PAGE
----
4. WORK FROM 2001-2007 > Sky, Mud and Bones 2002

This past summer we were preparing for an exhibition that was held during the Congres Mondial in Lafayette. The title of the exhibit was L’Homme du Sud (Man of the South) and our focus for this exhibit was the broader region of the American south. As interest in the Congres was building we became curious about this particular region of the south: Southwest Louisiana. The initial hurdle to overcome was the fact that we had lived here most of our lives and the significance of the place was somewhat buried under the well-worn cloak of familiarity.

Artists' Statement by Kathy Reed and Steven Breaux
April, 2000

The challenge for every artist is discovering what will the artist make art about. A well known artist, at the beginning of his career, was facing this challenge and was advised to "paint what you are interested in and, when you begin, begin where you are at." The tenor of this exhibition is a result of following this second-hand advice.

This past summer we were preparing for an exhibition that was held during the Congres Mondial in Lafayette. The title of the exhibit was L’Homme du Sud (Man of the South) and our focus for this exhibit was the broader region of the American south. As interest in the Congres was building we became curious about this particular region of the south: Southwest Louisiana. The initial hurdle to overcome was the fact that we had lived here most of our lives and the significance of the place was somewhat buried under the well-worn cloak of familiarity.

We gave ourselves a set of challenges: could we produce images based on the history, the land, the language and the cultures of the area that would respect the past, yet avoid nostalgia and cliche images? Could we produce images of the Acadian experience that were vital in contemporary terms? Could we assemble a vision of a local cultural experience that related to the world, and one that was meaningful in the present? And lastly, could we make images that could stand artistically with images from the rest of the world?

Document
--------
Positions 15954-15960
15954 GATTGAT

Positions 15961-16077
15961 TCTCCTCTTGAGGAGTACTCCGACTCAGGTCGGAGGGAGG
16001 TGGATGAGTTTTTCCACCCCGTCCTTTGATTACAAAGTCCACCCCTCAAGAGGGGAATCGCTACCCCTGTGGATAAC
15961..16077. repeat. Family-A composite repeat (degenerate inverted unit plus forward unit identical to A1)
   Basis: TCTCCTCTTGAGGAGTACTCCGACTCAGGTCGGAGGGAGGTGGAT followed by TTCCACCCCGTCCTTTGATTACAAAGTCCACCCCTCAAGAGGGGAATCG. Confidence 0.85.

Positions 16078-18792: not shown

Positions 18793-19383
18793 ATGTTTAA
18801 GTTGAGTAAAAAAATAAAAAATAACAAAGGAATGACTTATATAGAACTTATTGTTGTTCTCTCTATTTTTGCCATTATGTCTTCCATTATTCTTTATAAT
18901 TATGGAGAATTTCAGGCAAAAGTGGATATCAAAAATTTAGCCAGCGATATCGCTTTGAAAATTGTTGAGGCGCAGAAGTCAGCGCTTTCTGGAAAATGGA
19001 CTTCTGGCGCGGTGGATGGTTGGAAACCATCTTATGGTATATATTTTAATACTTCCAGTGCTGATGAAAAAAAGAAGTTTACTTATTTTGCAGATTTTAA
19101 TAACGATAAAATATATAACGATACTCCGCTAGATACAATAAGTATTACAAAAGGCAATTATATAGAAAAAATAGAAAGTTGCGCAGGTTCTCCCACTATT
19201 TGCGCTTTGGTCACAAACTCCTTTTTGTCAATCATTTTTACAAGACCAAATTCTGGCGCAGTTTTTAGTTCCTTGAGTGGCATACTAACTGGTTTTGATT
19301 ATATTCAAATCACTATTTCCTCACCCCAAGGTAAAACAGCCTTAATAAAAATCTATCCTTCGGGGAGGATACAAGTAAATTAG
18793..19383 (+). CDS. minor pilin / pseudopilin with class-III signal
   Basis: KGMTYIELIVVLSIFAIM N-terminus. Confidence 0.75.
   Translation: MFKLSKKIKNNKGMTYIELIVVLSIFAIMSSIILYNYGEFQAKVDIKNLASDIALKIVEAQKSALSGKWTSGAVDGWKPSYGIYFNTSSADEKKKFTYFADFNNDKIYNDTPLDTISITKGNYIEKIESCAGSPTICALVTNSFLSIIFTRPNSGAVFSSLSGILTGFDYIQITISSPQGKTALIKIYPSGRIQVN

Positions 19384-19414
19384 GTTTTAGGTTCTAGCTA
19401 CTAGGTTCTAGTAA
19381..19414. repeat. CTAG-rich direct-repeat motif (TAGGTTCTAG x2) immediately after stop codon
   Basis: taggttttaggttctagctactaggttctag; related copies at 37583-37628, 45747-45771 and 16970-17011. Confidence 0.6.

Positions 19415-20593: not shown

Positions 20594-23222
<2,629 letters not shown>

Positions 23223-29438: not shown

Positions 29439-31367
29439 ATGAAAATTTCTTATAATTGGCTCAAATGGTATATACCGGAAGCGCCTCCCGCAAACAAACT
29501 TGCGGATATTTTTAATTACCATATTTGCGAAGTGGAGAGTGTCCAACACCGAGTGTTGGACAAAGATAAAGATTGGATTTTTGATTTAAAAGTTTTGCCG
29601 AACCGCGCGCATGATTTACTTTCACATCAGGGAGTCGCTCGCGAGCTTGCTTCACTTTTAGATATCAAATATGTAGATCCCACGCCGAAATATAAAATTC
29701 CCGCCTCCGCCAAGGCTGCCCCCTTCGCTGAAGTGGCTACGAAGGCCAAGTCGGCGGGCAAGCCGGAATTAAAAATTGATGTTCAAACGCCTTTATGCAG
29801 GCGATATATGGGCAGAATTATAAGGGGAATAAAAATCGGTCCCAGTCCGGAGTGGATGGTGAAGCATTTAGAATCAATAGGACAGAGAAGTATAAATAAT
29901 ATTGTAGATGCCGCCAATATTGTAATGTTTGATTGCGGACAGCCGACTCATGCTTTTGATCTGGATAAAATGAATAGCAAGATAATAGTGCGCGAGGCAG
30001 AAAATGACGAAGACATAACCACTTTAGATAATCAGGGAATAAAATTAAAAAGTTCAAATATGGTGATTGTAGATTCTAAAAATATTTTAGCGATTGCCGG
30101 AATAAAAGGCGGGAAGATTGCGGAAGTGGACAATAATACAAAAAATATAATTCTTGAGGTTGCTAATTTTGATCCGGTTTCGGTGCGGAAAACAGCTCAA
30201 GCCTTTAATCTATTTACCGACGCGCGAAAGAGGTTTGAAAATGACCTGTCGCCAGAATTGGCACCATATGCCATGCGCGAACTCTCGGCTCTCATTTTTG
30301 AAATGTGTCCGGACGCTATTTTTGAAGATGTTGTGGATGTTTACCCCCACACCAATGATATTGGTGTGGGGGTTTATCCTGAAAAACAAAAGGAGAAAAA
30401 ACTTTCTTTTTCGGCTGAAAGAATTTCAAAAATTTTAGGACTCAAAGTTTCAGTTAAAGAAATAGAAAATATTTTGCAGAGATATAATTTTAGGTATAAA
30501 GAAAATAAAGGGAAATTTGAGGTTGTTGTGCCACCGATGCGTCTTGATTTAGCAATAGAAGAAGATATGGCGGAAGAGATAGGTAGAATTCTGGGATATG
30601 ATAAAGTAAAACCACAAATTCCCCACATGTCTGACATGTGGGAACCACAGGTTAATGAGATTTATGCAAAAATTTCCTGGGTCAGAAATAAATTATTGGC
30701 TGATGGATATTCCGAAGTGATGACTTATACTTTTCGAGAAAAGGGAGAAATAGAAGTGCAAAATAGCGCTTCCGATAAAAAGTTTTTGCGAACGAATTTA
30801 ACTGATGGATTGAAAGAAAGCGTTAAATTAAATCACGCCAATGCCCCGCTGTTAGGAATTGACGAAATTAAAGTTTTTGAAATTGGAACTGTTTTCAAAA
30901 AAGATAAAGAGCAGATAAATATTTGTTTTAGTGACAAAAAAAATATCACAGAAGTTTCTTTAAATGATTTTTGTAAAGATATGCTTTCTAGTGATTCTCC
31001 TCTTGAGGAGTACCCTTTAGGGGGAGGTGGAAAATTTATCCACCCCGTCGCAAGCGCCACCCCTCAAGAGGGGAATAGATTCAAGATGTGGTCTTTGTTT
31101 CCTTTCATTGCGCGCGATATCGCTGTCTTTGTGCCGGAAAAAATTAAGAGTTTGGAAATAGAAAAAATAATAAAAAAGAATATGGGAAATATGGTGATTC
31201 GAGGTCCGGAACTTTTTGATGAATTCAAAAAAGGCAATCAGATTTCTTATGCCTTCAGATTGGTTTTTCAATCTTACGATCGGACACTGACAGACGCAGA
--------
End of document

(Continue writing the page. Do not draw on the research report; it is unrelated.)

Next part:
We immediately began to research our subject. First we took long walks that ended with armfuls of botanical “specimens” from which we drew from life then incorporated into our work. We poured over books searching for trees, plants and flowers that were either indigenous to this area or were common to it. We moved from plants and animals to history, language and law until we were startled to find a rich undergrowth that concealed our personal histories.

The discoveries of our personal histories, though interesting to us, were additional bits that added to the vision we were assembling. It did add greater depth to the picture and reinforced a continuity into the present that made the history alive and personal but on its own was not enough to sustain an artistic vision, at least not ours.

Our contemporary experience of the land, the culture, and the religion differs in many ways from the experiences of our aboriginal, African and European ancestors and even from the experiences of our parents. We are no longer isolated. The Internet, mass communication and the mobility of the modern age place us on a world stage. Yet, we are still here. Different, yes, but as we discovered, still providing a vital, rich atmosphere and ground from which we could discover ourselves and our imagery. In the end others will judge how well we succeeded in our challenges which, some may say, we foolishly had the audacity to even attempt.

Maybe, like the music of musicians Zachary Richard and Michael Doucet of Beausoleil, who continue to revitalize Acadian music through innovation and a respect for tradition, the visual artistic expression of the area will take its place on the world stage. That is our hope.

Sky, Mud, and Bones
Statement
EXHIBITION
2000